Here is described a new high-throughput method to detect SNPs associated with drug resistance of P. vivax, simultaneously in pvdhfr, pvdhps and pvmdr1 genes. To improve the efficiency of this assay, a nested PCR approach was chosen which allowed a successful genotyping in 83.3% of the LDR-FMA P. vivax positive samples.
The main challenge faced in developing this multiplexed assay was the interpretation of fluorescence data, due to the simultaneous screening of multiple alleles at one locus and the high level of polyclonality (up to four isolates infecting a single patient). As described previously , an increase of background (or off-target) fluorescent signal was consistently observed when PCR amplification produced strong gene-specific fragments. A polar transformation of the fluorescent data measured was performed for bi-allelic datasets; the usefulness of this transformation has been shown before . In contrast, datasets with more than two alleles present required a multidimensional transformation of the data, based on the same principle as the polar transformation. This analysis was applied to three sets of multi-allelic data (n>2): pvdhfr codons 57-58-61, pvdhfr 117, and pvdhps 382-383.
As in the case of bi-allelic data sets, while the coordinate transformation/histogram segmentation approach better accounted for advancing background due to off-target hybridization, it is not a bulletproof algorithm that guarantees 100% accurate diagnosis. Indeed, given the intrinsic variability of any biological measurement process it is unlikely such a perfect algorithm exists. A significant limitation of the heuristic algorithm described here, at least from a theoretical point of view, is that independent determination of the diagnostic thresholds for each locus can lead to a situation in which a given sample is judged to be positively infected at some but not all loci, which is an inconsistent result. For example, the field data analysed here comprised 366 samples, each of which showed a positive diagnosis for P. vivax by LDR-FMA . Of these samples, 17, or 5%, were judged not to have enough net fluorescence signal to be considered positively infected based on the overall magnitude of the fluorescence vector for all seven loci interrogated. Of the 349 samples that showed a positive overall infection based on the magnitude histogram analysis, another 12.6% (44 samples) failed to have a positive single-allele diagnosis for any allele at one of the loci, leading to an incomplete haplotype determination. As a practical matter, in these cases the algorithm described under Methods was supplemented by censoring the samples with an incomplete haplotype determination.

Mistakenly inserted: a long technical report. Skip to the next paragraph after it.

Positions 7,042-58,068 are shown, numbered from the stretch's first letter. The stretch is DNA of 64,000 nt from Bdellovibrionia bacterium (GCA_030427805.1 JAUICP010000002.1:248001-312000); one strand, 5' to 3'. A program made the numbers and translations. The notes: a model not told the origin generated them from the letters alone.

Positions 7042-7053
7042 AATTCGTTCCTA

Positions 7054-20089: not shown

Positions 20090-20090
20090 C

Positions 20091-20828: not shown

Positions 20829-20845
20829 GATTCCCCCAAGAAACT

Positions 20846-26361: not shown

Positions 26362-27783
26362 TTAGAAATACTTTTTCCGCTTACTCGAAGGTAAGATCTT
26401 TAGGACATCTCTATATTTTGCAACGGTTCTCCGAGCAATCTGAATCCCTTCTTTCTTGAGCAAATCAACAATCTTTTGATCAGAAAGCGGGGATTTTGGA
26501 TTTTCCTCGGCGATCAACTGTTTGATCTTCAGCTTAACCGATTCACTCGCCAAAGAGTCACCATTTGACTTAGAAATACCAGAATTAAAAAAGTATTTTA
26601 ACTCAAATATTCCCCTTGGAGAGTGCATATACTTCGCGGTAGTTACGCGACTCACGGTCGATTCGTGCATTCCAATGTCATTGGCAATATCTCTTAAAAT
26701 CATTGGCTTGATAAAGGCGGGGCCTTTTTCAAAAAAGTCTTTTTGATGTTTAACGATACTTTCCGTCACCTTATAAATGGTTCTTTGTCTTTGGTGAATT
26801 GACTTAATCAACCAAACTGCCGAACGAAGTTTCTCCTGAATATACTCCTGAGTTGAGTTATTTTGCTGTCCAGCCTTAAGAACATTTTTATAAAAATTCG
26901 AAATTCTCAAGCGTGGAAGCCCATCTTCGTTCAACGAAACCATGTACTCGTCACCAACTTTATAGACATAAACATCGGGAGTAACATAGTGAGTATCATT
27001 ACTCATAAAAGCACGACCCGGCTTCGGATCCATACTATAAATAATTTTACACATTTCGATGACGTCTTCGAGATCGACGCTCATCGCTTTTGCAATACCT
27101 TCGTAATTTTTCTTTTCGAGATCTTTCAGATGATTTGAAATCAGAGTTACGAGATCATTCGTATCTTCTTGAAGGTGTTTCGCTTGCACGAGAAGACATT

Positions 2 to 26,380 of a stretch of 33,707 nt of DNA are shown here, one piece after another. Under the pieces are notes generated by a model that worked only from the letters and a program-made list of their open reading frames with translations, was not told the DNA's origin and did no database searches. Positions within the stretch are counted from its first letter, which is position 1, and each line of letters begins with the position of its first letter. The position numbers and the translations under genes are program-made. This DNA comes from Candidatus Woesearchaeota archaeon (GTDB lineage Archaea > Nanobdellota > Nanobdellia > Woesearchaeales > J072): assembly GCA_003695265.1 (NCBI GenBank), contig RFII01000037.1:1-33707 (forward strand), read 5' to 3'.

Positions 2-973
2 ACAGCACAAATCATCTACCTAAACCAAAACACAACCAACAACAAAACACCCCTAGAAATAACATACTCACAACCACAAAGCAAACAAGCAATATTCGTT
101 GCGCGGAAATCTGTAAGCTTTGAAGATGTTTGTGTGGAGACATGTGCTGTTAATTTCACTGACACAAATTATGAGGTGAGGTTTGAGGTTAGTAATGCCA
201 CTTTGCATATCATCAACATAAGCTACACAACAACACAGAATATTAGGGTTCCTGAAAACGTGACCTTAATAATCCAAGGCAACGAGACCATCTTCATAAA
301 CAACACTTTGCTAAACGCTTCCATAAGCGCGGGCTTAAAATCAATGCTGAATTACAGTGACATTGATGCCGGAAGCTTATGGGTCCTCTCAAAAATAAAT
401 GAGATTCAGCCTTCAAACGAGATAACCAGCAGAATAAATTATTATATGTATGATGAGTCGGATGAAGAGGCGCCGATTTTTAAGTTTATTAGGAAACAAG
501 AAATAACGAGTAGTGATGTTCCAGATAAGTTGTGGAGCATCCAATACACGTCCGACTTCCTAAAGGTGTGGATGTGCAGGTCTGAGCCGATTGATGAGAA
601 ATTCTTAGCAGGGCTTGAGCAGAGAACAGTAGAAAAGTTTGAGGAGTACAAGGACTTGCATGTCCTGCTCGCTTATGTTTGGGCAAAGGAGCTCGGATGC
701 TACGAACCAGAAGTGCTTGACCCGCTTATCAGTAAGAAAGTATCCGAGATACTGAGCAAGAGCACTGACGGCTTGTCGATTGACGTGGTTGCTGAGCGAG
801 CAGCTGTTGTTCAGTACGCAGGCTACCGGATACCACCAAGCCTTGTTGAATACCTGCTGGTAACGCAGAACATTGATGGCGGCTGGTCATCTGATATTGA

A total of 23 alleles were screened simultaneously in the assay, with the possibility of extending the assay towards screening more alleles as 100 microspheres can be detected in the same multiplexed assay on the BioPlex liquid array reader. This high multiplexing capacity significantly reduces costs associated with diagnosing complex arrays of SNPs associated with anti-malarial drug resistance. While it would cost approximately 3 USD to genotype one sample using a real-time PCR assay screening for only four alleles (TaqMan), the costs of the PCR-LDR-FMA are similar to screen one sample for more than 20 alleles. In addition, as multiple loci of a gene are screened simultaneously, it is possible to identify new genotypes. If a positive signal is observed at one locus of the gene, but a negative signal at another, this would demonstrate the positivity of the PCR, and at the same time, the presence of a new allele not targeted by any of the LDR primers present in the reaction. In this case, it would then be necessary to sequence the PCR product in order to confirm the existence of a new genotype. Modifications to the LDR-FMA are then easily achieved by designing new sequence-specific primers.